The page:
Working for a Nonprofit: Pros and Cons

By: Tasha Kolesnikova

8 min



Working for a Nonprofit: Pros and Cons

The average annual cost for tuition fees and boarding for public schools is $20,770 - an obviously higher figure than the average cost of living of a university student at only $794 per month or $9,528 a year.

Young adults want to enjoy their students' life such as attending gatherings. But at the same time, in high school or even in college, the cost of studying is way too high to just enjoy life. This made students look for jobs that can help them in both their expenses and career. One opportunity is joining nonprofit organizations, who espouse the ideas of educational equity.

Before you decide, it's necessary to consider the pros and cons of working in a nonprofit organization amidst your busy class schedule, campus events, and social activities.

What Is a Nonprofit Organization?

A nonprofit organization is a tax-exempt organization whose primary goal is to improve the common good of the society other than making money or profit. These organizations may have different missions depending on their specific charters and why they were established.

Examples of nonprofit organizations as defined by the Internal Revenue Code (IRS) Section 501(c)(3) include:


It also must have a board of directors or councils of the organization.

Although nonprofit organizations' main goal is not to procure profit, it doesn't mean that they lack resources or have insufficient funds to pay for their employees. They can be very successful organizations and can raise funds through social media campaigns, grants and donors, other fundraiser or fundraising events, and government funds.

The Pros and Cons of Working for a Nonprofit as a Student

As a student who wants to juggle studying and being employed, here are the pros and cons of nonprofit work:


  • Gives a sense of purpose.
  • Provides a variety of work experiences, learning new skill sets, and growth opportunities.
  • Permits direct supervision and training by upper-level management when the staff is small.
  • Grants a flexible work schedule and work environment.
  • Allows students to apply for public service loan forgiveness programs after college.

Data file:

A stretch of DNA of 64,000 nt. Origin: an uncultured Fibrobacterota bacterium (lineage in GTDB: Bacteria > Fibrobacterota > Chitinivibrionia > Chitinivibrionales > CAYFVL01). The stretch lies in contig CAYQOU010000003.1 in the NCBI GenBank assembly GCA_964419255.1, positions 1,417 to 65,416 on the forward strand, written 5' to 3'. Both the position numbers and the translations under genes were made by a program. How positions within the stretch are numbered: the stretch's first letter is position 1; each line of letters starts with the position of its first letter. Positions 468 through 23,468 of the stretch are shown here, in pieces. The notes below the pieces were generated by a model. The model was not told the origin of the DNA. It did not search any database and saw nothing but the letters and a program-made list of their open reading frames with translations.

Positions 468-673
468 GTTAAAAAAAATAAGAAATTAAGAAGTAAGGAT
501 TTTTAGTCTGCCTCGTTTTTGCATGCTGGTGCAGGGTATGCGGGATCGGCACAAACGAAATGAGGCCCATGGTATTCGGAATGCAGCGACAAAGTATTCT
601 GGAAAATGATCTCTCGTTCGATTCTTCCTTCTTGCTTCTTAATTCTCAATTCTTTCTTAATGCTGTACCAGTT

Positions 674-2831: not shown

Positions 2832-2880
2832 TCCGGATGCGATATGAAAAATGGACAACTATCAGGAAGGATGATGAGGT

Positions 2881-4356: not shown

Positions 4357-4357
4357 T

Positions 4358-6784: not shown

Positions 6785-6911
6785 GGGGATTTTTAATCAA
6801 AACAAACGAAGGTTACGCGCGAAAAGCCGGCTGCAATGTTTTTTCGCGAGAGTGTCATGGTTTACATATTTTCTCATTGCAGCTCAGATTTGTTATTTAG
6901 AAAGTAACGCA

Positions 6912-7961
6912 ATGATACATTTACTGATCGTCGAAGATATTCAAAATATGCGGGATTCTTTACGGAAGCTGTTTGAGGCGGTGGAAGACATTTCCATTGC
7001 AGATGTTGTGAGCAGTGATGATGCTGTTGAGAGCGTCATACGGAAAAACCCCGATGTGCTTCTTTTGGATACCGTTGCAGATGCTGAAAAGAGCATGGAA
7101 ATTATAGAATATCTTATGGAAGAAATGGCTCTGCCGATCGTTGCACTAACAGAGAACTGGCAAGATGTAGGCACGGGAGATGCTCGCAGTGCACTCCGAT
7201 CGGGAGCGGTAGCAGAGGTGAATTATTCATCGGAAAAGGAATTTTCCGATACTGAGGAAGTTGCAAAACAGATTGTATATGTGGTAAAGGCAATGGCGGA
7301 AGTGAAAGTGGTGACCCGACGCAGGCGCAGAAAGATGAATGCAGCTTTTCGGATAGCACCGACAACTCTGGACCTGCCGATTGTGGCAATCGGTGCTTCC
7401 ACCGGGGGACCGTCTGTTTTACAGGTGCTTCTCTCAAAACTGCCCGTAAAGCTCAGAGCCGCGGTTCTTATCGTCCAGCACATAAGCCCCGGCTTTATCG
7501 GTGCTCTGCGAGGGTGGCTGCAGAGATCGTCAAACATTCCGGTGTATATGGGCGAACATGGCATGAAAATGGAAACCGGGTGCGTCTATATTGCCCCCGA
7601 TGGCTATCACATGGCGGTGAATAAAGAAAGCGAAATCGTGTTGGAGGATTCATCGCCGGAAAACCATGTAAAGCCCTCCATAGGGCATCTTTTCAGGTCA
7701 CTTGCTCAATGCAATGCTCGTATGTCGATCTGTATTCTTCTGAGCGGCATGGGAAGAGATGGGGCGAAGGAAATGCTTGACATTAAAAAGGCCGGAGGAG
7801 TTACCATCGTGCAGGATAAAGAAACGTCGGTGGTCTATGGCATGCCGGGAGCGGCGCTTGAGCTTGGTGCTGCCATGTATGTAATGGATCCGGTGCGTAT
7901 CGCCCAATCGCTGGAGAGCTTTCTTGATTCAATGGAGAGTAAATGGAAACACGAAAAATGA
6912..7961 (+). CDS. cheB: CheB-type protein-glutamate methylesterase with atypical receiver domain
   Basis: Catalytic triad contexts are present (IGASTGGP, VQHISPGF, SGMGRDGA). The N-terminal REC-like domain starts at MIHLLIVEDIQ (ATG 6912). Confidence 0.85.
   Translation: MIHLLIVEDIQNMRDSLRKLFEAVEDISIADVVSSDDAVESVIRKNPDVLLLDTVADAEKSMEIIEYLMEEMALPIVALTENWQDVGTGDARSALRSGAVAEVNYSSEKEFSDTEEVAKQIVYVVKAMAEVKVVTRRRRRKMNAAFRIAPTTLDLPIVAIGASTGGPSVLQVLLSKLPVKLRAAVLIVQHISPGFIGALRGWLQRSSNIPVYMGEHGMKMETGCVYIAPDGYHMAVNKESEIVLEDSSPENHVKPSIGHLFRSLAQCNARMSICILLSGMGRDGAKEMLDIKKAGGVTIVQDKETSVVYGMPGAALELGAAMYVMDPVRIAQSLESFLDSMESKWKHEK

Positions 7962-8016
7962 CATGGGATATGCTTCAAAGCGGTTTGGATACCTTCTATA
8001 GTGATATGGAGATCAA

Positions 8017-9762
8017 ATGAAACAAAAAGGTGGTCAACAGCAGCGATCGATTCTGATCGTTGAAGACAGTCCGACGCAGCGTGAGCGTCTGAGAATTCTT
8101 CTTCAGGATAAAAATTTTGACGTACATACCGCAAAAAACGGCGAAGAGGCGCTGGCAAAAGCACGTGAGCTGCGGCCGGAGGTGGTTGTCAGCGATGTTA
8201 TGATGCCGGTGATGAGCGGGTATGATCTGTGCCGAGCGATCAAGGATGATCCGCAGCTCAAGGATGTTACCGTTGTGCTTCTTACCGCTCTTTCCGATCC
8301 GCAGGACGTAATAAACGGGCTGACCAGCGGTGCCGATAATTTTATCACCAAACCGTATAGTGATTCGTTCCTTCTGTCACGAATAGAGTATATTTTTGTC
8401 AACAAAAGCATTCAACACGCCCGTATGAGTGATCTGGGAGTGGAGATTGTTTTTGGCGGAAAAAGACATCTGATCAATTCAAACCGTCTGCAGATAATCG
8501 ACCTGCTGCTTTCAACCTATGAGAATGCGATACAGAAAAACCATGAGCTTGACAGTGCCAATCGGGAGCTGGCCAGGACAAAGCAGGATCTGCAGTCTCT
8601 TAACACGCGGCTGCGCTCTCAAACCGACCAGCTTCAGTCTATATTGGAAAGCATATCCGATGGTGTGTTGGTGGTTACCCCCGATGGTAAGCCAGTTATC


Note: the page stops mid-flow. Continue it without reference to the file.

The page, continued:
• Exposes students to specific jobs or duties that can help with their career advancement after college.


  • May take years to see returns of hard work because it doesn't have a clear bottom line.
  • May limit success to gaining higher positions because of smaller staff.
  • May have lower salaries or hourly rates than a for-profit organization.
  • Has many complicated rules and a specific way of doing things.
  • Has a higher risk of student burnout.

To further understand what each of these means, keep reading below.

How Nonprofit Jobs Affects Student Life

The process of having a degree and finishing school can be challenging, especially for those who are not so privileged. Some students are taking nonprofit careers because it's a necessity for them. They need to balance work and studying to save for college and, for some, to supplement their family income and pay loans.

Fatigue. For many, having a job provides spending money for their social life. But some have difficulty attending social events that most students enjoy. Aside from taking away their personal time, having a nonprofit job can also lead to fatigue.

Limited promotion. As stated above, one of the disadvantages of a nonprofit job is that having a smaller or lesser staff may give less room to gain higher positions. This is because the organization might be hesitant to provide you with a higher position due to the risk of losing you after you graduate.

Lower salaries. Salaries will be lower than in the private sector or for-profit companies with the same job title or job description.

Burnout. It also has a higher risk of burnout due to some reasons: you have to do more work with limited resources.

But, having disadvantages of working in the nonprofit sector while studying doesn't mean it can't benefit you. The advantages of working in nonprofit organizations still outnumber the disadvantages.

Purpose. Despite some disadvantages, working in nonprofit organizations can be a promising career path too. Nonprofit employees might not have the best salary or compensation as for-profit companies. But their job gives them a sense of purpose because their advocacy drives them.

Growth and development. Since the nonprofit world has different aspects, it can also provide a tremendous opportunity for its growth and development. This would include fundraising, project management, policy and grant writing, relationship building, and organizational development.

Work flexibility. As a student, you may have tons of assignments and a busy class schedule weekly. But you can still balance work and school with the options to work on an evening or weekend hours, work schedule depending on your availability, and even small-time commitments.